Query Store Wait Statistics with sys.query_store_wait_stats

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The second best thing to questions that people ask is when I sit down to write a book. It’s so easy to miss things in the day-to-day grind of doing work. Then, late at night, you’re working on a chapter, so you read up on the documentation to ensure that you’re not missing anything. Of course, then you find, yes, you are missing something. In my case, sys.query_store_wait_stats.


If you follow the link above, it’ll give you what you need to know, but, I figured I’d provide a little more clarity because I think there are some pitfalls in using this data.

I love Query Store (do a search to see all the exploration I’ve done with it). One of my favorite things is the time intervals. It breaks the aggregates of the runtime data, and now the wait statistics, into smaller chunks of time (1 hour by default). Why is this so wonderful? Because it gives you a “before” and “after” so that you can compare how the query is behaving now to yesterday or yesterday to last week or… check out this blog post that includes a query to get the work done.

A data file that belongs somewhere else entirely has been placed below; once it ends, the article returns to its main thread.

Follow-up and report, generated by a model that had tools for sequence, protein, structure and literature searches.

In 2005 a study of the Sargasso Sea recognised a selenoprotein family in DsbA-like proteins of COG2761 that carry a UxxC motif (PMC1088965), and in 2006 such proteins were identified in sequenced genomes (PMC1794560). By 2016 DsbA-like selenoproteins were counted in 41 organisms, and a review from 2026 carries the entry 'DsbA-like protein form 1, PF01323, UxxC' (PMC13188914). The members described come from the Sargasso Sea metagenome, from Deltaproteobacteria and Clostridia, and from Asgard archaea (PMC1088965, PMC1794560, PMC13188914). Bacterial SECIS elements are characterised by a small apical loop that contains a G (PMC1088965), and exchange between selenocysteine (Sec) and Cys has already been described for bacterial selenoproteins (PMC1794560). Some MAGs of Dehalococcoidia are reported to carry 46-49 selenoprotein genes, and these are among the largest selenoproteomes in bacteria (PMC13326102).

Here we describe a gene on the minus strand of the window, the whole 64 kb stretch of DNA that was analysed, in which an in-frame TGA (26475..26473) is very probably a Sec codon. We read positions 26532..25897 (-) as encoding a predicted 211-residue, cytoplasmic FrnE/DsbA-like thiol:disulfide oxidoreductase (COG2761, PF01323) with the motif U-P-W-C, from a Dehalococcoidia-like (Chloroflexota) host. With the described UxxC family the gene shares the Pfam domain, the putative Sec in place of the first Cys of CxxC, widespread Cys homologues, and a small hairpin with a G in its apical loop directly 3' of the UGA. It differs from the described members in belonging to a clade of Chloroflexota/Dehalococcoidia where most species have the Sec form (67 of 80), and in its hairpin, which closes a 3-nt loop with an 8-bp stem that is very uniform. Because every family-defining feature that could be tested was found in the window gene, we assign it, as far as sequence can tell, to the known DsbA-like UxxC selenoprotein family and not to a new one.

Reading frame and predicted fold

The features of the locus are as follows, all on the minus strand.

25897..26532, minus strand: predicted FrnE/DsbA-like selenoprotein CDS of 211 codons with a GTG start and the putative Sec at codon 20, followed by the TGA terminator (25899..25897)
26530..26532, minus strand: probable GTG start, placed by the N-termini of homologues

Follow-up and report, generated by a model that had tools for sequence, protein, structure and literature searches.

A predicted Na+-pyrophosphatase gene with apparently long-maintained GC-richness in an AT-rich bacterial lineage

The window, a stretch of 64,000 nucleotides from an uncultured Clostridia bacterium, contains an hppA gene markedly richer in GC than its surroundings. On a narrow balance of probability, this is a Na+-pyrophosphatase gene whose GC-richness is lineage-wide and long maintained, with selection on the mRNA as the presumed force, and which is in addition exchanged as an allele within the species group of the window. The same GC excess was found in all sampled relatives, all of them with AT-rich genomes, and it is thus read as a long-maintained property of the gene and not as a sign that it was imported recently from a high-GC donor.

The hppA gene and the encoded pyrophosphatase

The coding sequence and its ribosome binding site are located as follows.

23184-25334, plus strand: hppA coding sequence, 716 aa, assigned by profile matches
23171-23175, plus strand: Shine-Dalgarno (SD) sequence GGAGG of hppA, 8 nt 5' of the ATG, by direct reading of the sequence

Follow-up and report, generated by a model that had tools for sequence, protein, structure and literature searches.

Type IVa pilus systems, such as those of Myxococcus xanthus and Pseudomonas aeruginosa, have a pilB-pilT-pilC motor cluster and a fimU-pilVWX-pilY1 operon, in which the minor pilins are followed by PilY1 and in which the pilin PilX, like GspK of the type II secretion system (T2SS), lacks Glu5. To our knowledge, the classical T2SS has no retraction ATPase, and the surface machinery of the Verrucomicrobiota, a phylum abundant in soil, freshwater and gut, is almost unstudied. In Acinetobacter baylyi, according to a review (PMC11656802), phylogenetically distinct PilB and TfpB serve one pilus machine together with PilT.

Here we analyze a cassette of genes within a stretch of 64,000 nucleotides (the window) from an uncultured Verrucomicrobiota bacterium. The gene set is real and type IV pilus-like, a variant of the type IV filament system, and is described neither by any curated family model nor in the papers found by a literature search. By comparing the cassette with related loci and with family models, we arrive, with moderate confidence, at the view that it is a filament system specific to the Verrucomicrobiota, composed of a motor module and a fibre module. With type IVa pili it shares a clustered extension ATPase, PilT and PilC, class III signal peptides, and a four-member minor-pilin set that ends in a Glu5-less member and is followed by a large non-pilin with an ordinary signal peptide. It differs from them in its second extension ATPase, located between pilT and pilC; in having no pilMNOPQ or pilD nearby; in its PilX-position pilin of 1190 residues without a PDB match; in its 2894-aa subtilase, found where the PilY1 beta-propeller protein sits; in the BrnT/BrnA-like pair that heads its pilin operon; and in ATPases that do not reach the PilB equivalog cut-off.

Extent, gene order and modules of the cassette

Now, if you read the docs, you’re likely to write a query something like this:

Why do I say that? Because that’s what I did. Problem is, the data returned looks like this:

sys.query_store_wait_stats results mixed with runtime stats

What the heck is that mess? Well, it’s a combination of several things. First, you can have more than one wait type for a given time interval. Second, in the query we’re, correctly, joining the waits and the runtime stats to the plan. However, that means that they’re not in any way related to each other so we get a sort of Cartesian product out of the whole thing. If you read the documentation, it talks about aggregating by plan_id (of course), stats_interval_id, execution_type and the wait_category. Same thing if you read the docs on sys.query_store_runtime_stats, it groups by plan_id, stats_interfal_id and execution_type.

Therefore, if you’re trying to combine a specific wait, or set of waits (there can be multiple), with a specific set of runtime metrics, you need to modify your query to this:

Joining query_store_runtime_stats and query_store_wait_stats ensures that you’re comparing appropriate data. The first query returned 77 rows. This one returns just 17 because the wait statistics and the runtime statists are now synchronized:

sys.query_store_wait_stats correctly synched with sys.query_store_runtime_stats


The bad news is, this is SQL Server 2017 and Azure SQL Database only. If you’re on 2016, you can cross your fingers and hope for the addition in a CU or SP. However, now, we can also see wait statistics along with our runtime statistics and the query plans inside of Query Store.



OK, fine, but what do you think?